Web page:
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Wednesday Feb 27 2019
By
Reuters
,
Web Desk

UK ‘deeply concerned’ over rising Indo-Pak tension, says PM May

By
Reuters
,
Web Desk
UK PM May urges constraint, says working with UNSC to deescalate situation/ file photo 

In an official statement, British Prime Minister Theresa May said on Wednesday that the United Kingdom is ‘deeply concerned’ over the rising tensions in India and Pakistan.

The UK PM’s official statements comes after the Pakistan Air Force shot down two Indian aircraft inside its air space and captured one of the Indian airforce pilots.

“The UK is deeply concerned about rising tensions between India and Pakistan and urgently calls for restraint on both sides to avoid further escalation,” said May.

“We are in regular contact with both countries, urging dialogue and diplomatic solutions to ensure regional stability. We are working closely with international partners including through the United Nations Security Council to de-escalate tensions,” stated the official statement quoting UK PM Theresa May.

Earlier today, In an official address Prime Minister Imran Khan once again invited India for talks and urged better sense should prevail.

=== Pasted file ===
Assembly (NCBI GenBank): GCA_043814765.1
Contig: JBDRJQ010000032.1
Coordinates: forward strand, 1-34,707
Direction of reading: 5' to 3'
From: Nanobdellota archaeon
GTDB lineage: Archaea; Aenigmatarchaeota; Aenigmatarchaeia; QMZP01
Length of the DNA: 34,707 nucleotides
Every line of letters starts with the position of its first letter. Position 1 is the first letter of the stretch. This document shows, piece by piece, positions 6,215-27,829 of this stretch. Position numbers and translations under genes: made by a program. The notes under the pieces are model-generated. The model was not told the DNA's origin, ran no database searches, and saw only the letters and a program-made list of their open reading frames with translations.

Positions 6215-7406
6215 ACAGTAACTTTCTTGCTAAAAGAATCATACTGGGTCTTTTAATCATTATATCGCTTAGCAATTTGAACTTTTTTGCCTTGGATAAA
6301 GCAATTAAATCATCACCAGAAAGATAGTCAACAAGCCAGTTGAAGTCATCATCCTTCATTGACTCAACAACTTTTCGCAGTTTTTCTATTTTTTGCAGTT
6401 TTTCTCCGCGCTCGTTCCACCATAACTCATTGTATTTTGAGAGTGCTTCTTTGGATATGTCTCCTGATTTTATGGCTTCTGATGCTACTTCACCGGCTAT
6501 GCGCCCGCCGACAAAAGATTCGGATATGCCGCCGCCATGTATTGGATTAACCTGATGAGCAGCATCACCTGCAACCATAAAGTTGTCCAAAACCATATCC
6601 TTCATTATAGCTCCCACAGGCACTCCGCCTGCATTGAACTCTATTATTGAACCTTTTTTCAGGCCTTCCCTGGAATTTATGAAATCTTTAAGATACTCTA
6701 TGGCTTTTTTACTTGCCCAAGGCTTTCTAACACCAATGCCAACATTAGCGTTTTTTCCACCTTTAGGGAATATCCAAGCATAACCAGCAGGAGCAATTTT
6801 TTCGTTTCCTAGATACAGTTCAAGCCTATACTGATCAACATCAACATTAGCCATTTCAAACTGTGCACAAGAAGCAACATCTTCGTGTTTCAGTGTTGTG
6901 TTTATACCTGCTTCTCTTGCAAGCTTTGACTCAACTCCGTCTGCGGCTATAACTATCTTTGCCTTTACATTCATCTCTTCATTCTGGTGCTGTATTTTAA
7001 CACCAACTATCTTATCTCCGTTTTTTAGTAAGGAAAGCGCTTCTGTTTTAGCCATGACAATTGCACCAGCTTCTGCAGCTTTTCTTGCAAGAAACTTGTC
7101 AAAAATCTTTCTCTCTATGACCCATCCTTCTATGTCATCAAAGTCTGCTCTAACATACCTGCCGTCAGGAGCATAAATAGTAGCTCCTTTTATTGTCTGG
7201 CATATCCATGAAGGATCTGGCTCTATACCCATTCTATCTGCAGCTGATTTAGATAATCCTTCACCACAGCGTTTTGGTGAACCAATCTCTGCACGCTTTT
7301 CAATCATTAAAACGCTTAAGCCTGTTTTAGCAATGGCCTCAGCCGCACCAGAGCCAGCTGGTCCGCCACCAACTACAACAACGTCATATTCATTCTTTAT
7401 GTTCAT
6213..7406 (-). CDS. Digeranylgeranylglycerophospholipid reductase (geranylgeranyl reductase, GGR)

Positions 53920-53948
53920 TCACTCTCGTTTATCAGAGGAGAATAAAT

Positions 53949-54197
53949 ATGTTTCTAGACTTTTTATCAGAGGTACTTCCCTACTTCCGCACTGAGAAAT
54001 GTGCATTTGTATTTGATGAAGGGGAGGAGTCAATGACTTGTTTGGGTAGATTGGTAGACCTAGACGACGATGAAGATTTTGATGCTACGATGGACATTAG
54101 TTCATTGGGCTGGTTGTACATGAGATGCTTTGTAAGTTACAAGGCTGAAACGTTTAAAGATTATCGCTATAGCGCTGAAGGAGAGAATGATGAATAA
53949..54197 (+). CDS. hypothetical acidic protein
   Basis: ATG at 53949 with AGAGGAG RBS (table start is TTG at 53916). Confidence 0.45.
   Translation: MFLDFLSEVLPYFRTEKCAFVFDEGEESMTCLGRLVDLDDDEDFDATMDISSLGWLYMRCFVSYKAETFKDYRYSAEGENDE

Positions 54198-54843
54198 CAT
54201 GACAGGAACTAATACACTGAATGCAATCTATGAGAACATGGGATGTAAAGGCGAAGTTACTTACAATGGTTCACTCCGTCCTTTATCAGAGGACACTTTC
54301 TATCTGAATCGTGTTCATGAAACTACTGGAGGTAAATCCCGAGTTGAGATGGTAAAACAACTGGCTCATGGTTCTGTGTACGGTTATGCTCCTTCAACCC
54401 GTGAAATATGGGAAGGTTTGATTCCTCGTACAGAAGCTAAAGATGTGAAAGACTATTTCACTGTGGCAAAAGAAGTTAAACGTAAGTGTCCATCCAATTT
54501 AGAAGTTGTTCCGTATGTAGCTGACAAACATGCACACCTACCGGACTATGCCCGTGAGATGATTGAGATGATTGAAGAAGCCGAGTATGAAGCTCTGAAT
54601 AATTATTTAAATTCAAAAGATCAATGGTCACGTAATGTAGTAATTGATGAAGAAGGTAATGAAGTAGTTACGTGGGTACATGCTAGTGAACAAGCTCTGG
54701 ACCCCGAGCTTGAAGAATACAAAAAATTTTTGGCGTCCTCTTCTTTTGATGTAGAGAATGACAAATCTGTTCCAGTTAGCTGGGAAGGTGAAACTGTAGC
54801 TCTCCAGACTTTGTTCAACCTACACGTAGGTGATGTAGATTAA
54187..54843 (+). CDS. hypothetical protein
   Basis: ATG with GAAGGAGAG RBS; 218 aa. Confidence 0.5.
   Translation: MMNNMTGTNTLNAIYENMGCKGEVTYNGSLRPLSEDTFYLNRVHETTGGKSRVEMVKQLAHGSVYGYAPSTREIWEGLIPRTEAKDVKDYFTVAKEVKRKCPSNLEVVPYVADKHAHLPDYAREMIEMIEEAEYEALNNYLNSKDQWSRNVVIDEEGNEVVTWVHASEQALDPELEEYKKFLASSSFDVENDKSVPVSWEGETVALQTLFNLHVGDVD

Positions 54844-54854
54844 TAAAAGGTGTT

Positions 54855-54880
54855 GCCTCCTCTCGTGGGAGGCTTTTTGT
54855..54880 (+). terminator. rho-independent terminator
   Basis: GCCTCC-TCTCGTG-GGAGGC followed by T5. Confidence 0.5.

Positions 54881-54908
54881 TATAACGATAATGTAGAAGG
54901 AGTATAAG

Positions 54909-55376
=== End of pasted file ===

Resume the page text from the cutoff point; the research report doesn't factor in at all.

After chairing a meeting of the National Command Authority, the premier said, "I wanted to take you into confidence regarding the situation arising since yesterday. We offered India that we are ready to cooperate with them in any kind of investigation after the Pulwama attack."

"I want to now address India and say let sanity prevail. Let’s think sensibly. All wars in the world have been started on miscalculations on the time and the human cost of war. This was the same with the First World War, with the Second World War, the war on terror, the Vietnam War. The history of the world shows us wars have always been miscalculation," PM Imran said.

UK FO official to speak to Pakistan, India envoys

Britain’s junior Foreign Office minister Mark Field said he will speak with Indian and Pakistani envoys on Wednesday to urge their countries to exercise restraint after both sides said they shot down each other’s fighter jets.

Both countries have ordered air strikes over the last two days, the first time in history that two nuclear-armed powers have done so, while ground forces have exchanged fire in more than a dozen locations.

“I shall be speaking to both the Indian and Pakistani High Commissioners this afternoon and will continue to press for the importance of restraint,” Field said in parliament.

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